Refget takes a reference sequence, normalizes it, then calculates two checksums. "Once you have these two identifiers, these go into a database, and then the API comes in with this URL sequence and the checksum identifier. It looks at what that sequence is in the background and returns back to the sequencing question over a restful API," Andy Yates, EMBL-EBI Genomics Technology Infrastructure team leader and a coleader of the GA4GH genomic knowledge standards work stream, explained in a session from the recent plenary meeting.
The European Genome-phenome Archive (EGA) already has made the Htsget standard part of its own data-access API. With the Broad Institute's Integrative Genomics Viewer or other integrated genome browsers, users can read hashes directly from EGA without having to download a file.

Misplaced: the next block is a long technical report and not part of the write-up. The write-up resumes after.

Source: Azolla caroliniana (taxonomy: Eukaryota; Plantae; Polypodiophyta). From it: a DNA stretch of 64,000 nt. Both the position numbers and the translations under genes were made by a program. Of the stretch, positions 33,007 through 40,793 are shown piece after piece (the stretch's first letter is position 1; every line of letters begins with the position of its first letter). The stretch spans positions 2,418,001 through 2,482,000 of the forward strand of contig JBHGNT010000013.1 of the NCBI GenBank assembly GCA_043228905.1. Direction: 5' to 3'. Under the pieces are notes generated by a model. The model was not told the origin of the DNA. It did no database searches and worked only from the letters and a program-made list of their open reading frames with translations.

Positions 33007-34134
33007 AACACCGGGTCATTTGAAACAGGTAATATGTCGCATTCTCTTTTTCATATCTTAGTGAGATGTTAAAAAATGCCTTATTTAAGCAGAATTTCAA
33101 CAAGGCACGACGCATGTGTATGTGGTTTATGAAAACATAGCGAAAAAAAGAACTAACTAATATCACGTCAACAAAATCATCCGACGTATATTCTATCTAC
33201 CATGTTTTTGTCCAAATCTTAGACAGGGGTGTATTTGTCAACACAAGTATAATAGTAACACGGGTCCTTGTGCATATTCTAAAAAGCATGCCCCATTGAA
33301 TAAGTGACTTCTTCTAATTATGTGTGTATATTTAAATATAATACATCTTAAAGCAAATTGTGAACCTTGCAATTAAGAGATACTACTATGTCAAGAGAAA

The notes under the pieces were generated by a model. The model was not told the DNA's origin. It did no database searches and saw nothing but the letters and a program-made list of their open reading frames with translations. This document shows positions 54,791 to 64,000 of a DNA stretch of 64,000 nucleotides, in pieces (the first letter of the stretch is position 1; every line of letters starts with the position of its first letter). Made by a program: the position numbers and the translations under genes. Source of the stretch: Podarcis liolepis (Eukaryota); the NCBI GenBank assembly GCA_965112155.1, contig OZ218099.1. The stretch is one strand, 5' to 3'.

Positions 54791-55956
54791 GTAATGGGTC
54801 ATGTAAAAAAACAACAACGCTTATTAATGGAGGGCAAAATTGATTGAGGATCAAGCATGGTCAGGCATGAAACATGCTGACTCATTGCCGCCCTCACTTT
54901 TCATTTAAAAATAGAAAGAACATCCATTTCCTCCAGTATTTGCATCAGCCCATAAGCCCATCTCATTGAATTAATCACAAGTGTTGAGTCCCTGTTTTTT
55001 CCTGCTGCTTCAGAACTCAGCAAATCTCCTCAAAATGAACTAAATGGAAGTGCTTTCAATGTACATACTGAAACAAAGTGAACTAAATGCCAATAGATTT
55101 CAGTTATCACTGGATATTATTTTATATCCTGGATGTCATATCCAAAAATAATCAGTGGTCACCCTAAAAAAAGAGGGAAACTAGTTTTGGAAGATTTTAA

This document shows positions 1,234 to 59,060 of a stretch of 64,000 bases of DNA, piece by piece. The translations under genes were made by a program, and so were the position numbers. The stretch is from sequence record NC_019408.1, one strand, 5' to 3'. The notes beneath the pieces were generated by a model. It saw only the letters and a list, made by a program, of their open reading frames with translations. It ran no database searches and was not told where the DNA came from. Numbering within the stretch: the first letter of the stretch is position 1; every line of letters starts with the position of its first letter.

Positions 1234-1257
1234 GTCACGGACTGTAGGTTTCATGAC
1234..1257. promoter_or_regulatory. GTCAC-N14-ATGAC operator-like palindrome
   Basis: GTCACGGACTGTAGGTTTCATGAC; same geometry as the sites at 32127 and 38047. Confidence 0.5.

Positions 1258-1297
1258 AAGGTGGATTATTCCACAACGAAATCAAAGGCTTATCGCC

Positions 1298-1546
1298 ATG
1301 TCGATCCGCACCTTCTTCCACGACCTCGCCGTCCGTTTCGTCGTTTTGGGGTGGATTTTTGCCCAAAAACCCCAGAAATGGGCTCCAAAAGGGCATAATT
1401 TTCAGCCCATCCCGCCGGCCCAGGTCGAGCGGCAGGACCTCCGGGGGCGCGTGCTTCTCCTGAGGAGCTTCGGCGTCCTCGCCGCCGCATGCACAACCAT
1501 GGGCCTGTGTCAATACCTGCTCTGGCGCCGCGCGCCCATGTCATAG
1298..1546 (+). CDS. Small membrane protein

"You can slice out a region that you are interested in from whatever BAM or VCF file. You can come along with SAMtools and you can work on the command line and you can connect directly to EGA and stream out your data. You can slice out a region, and do this all securely," Keane said.
EGA has integrated with the pan-European RD-Connect database to access raw genetic variation information on rare diseases. "You can pull back the raw and supporting sequencing reads for the particular variant that you're looking at without having to download the whole bulky files," Keane noted.
EGA also has a Refget server connected to the European Nucleotide Archive, according to Keane. Yates said that GA4GH is developing a "serverless" model of the API that will run on the Amazon Web Services cloud platform.